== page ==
Young leaders in the Niger Delta region have advocated for strategic economic engagement and affirmative leadership roadmap as panacea for development and a means to make up for the huge capital being invested in the region.
This is as a result of their determination to take full advantage of the untapped potentials in the oil-rich Niger Delta region and further drive the region to its deserved destination.
The leaders unanimously adopted this position as a way forward for the region on Saturday during the Niger Delta Young Leaders Webinar Conference, with theme: “Leadership and Economic Challenges in the Oil Niger Delta, Solutions And Prospects”.
They assertively advocated that the region set aside its culture of mediocrity and faulty leadership process. They also pushed for an urgent blueprint for technology and broadband infrastructure, as well as support and encouragement for young women.
Lending his voice to the call, former lawmaker representing Akuku-Toru/Asari-Toru Federal Constituency of Rivers State, Dr Dawari George, harped on the need for the region to define its own problems. He noted that in spite of the huge capital going in as investment into the region, the Niger Delta was still plagued in mediocrity.
He regretted that the raw materials that abound in the region have not been properly harnessed to facilitate development and create economic relief for the region and its people.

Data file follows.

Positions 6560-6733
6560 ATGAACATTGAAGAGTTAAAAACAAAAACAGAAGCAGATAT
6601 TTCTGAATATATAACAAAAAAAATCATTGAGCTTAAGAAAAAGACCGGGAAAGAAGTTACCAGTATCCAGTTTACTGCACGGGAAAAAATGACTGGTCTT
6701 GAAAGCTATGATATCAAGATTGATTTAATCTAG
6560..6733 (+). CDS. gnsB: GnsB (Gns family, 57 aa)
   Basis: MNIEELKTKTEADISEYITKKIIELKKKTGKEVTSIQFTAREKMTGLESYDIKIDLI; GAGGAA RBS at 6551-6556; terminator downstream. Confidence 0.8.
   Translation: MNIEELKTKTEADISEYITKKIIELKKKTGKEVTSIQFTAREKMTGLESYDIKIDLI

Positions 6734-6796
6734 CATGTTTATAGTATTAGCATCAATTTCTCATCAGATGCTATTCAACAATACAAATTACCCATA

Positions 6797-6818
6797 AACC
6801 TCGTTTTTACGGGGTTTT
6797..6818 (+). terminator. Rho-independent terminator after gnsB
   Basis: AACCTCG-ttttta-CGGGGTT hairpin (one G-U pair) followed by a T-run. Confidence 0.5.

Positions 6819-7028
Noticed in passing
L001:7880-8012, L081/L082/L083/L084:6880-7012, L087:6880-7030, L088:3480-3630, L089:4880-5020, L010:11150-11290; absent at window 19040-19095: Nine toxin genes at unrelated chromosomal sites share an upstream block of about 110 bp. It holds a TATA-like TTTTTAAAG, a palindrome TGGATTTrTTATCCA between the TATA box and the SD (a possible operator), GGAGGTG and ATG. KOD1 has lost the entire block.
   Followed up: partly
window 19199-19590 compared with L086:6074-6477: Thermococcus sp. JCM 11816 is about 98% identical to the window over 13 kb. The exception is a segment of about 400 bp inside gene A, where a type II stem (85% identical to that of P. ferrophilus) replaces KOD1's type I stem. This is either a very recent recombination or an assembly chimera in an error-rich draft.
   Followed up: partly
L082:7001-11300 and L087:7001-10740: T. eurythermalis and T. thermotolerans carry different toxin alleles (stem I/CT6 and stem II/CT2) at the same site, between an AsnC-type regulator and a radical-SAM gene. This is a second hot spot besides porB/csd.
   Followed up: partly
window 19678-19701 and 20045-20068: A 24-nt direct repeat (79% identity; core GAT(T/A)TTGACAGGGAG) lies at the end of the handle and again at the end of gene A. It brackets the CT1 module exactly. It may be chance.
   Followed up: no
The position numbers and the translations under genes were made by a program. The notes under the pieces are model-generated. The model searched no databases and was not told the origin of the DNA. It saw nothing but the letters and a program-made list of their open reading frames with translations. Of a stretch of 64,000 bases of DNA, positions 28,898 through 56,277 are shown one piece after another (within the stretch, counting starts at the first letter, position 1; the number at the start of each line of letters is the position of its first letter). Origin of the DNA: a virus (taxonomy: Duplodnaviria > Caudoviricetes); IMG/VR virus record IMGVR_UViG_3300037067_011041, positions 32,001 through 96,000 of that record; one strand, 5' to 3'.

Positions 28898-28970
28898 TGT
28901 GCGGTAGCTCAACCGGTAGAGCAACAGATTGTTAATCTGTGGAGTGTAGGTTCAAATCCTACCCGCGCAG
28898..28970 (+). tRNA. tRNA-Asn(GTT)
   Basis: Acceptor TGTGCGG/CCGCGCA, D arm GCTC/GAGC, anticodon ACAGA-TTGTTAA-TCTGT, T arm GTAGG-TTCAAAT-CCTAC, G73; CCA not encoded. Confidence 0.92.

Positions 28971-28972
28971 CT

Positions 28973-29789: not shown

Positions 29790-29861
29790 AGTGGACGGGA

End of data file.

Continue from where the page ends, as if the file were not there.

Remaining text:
He emphasised the need for more superior ideas and ways of reasoning geared towards building a communication bridge between the leaders and the led, just as he reiterated that majority of leaders in the region lack ideas to run with.
“The Niger Delta can lead without a symbol of authority,” the former House of Representatives member said.
Convener of the discussion and chairman of the Nigerian Young Professionals Forum (NYPF), Mr Moses Siloko Siasia, stressed that it is important for the voice of young individuals to be heard, considering the “times we are in as a people and a country”. According to the NYPF boss, it is time to change the narrative and bring in those who are well-oriented.
While hailing the leadership of the Nigerian Content Development and Monitoring Board (NCDMB) for promoting local content in the country, he added that revolutionising the agricultural sector is necessary to diversify and create value which would, in turn, reflect on the country’s GDP.
Mr Siasia further highlighted on the importance of regional engagement and partnership, insisting that governors in the Niger Delta region were working with political concerns, rather than economic progress. He, however, commended the Akwa Ibom State governor for his contribution and initiative in driving the state’s aviation sector with the establishment of Ibom Air, a project he described as a “pride” to the region.
“Leaders are not remembered after their reign for roads and bridges, they are remembered for their deliberate efforts in human capacity development and building of strong institutions before and after their reign,” he stressed.